The Interaction between Learning and Speciation Public Deposited

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  • March 20, 2019
  • Yeh, Douhan
    • Affiliation: College of Arts and Sciences, Department of Biology
  • Assortative mating displays, preferences, or both can be affected by learning across a wide range of animal taxa, but the specifics of how this learning affects speciation with gene flow are not well understood. I use population genetic models with trait learning to investigate how the identity of the tutor affects the divergence of a self-referent phenotype-matching trait. I find that oblique learning (learning from unrelated individual of the previous generation) and maternal learning mask sexual selection and therefore do not allow the maintenance of divergence. In contrast, by enhancing positive frequency-dependent sexual selection, paternal learning can maintain more divergence than genetic inheritance, but leads to the loss of polymorphism more easily. Furthermore, paternal learning inhibits the invasion of a novel self-referent phenotype-matching trait, especially in a large population. Reinforcement is the process through which assortative mating evolves by natural selection to reduce costly hybridization. Sexual imprinting could facilitate reinforcement by decreasing hybridization, or it could impede the process if heterotypic pairs imprint on each other. Either result could then subsequently affect speciation. Here, I use deterministic population genetic simulations to explore conditions under which sexual imprinting can evolve through reinforcement. I demonstrate that sexual imprinting can evolve as a one-allele assortative mating mechanism by reducing the risk of hybridization. The evolution of imprinting has the unexpected side effect of homogenizing an existing innate preference, because the imprinted preference overrides the effect of innate preference, effectively making it neutral. I also find that the weight of the imprinting component in the female preference may evolve to a lower value when migration and divergent selection are strong and the cost of hybridization is low, conditions which make it beneficial for maladaptive immigrant females to acquire locally adaptive genes by hybridizing with the local males. Together, these results suggest that sexual imprinting has the capacity to promote or retard divergence through complex interactions, and can itself evolve as part of the speciation process. The effect of learned culture (e.g., birdsong dialects and human languages) on genetic divergence is unclear. Previous theoretical research suggests that because oblique learning allows phenotype transmission from individuals with no offspring to an unrelated individual in the next generation, the effect of sexual selection on the learned trait is masked. However, I propose that migration and spatially constrained learning can form a statistical association between cultural and genetic traits, which may allow selection on the cultural traits to indirectly affect the genetic traits. Here, I build a population genetic model that allows such a statistical association to form, and found that sexual selection and divergent selection on the cultural trait can indeed help maintain genetic divergence through such a statistical association. Furthermore I found that the genetic divergence maintained by this effect persists even when the cultural trait changes over time due to drift and mutation. These results suggest the role of obliquely transmitted traits in evolution may be underrated, and the lack of one-to-one associations between cultural and genetic traits may not be sufficient to disprove the role of culture in divergence.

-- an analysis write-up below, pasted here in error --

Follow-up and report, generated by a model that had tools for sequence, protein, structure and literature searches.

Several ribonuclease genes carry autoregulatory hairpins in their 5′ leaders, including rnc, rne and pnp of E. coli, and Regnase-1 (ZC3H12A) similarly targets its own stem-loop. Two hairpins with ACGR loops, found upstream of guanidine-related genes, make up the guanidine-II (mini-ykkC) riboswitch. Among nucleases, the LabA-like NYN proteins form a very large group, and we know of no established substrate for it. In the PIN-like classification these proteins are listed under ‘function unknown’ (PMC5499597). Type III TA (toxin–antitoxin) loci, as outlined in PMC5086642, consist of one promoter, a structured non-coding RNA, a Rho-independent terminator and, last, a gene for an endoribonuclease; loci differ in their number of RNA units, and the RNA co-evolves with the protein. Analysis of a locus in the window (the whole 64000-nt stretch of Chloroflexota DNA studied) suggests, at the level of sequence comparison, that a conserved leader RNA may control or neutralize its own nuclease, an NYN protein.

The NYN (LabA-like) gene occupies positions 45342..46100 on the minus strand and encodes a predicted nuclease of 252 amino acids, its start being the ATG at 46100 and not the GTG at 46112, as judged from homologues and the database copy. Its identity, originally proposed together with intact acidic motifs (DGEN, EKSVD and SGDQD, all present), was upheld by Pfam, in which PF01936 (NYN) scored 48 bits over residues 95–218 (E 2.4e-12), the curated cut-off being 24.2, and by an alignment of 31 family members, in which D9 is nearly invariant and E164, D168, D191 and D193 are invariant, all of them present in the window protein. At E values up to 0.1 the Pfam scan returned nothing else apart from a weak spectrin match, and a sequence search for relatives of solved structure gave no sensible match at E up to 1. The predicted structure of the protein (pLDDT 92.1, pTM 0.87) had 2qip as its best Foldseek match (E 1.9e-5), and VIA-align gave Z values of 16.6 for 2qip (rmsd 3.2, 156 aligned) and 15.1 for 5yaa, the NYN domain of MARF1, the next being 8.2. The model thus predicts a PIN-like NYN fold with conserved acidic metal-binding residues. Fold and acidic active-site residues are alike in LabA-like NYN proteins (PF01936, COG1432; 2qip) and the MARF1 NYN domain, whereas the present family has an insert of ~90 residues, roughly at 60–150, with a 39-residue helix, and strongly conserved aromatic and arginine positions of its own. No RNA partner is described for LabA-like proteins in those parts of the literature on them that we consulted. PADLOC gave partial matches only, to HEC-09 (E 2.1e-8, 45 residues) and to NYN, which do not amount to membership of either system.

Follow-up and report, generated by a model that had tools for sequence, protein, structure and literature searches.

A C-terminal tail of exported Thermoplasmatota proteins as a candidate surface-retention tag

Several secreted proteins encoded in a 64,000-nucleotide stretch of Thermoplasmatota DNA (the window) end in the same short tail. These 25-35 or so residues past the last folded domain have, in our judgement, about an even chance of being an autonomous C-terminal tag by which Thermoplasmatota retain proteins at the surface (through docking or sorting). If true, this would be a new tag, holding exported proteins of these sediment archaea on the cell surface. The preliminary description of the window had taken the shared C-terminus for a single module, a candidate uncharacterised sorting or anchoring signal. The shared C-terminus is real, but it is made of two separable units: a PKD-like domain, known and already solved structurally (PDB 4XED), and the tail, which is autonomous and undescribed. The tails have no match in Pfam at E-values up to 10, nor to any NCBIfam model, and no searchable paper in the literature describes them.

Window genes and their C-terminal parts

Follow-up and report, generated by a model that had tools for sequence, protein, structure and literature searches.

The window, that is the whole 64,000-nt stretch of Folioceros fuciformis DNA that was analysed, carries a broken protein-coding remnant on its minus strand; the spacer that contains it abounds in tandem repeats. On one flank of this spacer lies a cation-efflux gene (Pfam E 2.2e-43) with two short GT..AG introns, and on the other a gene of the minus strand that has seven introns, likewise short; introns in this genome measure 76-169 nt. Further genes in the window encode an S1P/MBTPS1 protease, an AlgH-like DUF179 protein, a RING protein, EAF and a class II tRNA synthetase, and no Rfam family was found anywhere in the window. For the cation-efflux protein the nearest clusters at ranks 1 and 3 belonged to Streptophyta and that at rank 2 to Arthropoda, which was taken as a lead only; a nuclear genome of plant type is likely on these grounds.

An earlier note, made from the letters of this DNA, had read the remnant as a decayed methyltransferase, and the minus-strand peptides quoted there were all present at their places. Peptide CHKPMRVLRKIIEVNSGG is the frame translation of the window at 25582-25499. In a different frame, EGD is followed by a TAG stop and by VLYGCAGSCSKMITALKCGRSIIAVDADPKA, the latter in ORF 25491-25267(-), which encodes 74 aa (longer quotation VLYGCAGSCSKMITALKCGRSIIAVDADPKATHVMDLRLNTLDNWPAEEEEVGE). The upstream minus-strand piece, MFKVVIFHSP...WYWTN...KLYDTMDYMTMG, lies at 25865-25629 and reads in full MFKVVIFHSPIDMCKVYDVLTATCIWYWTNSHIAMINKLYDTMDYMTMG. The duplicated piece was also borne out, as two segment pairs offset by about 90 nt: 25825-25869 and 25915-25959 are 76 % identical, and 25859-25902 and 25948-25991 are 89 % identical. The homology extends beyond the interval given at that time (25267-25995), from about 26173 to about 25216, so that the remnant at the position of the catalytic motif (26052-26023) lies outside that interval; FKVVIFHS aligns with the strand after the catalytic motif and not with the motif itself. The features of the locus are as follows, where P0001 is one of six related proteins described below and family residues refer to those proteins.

Date of publication
Resource type
  • Pfennig, David William
  • Servedio, Maria
  • Feldman, Marcus
  • Pfennig, Karin
  • Kingsolver, Joel
  • Doctor of Philosophy
Degree granting institution
  • University of North Carolina at Chapel Hill Graduate School
Graduation year
  • 2018

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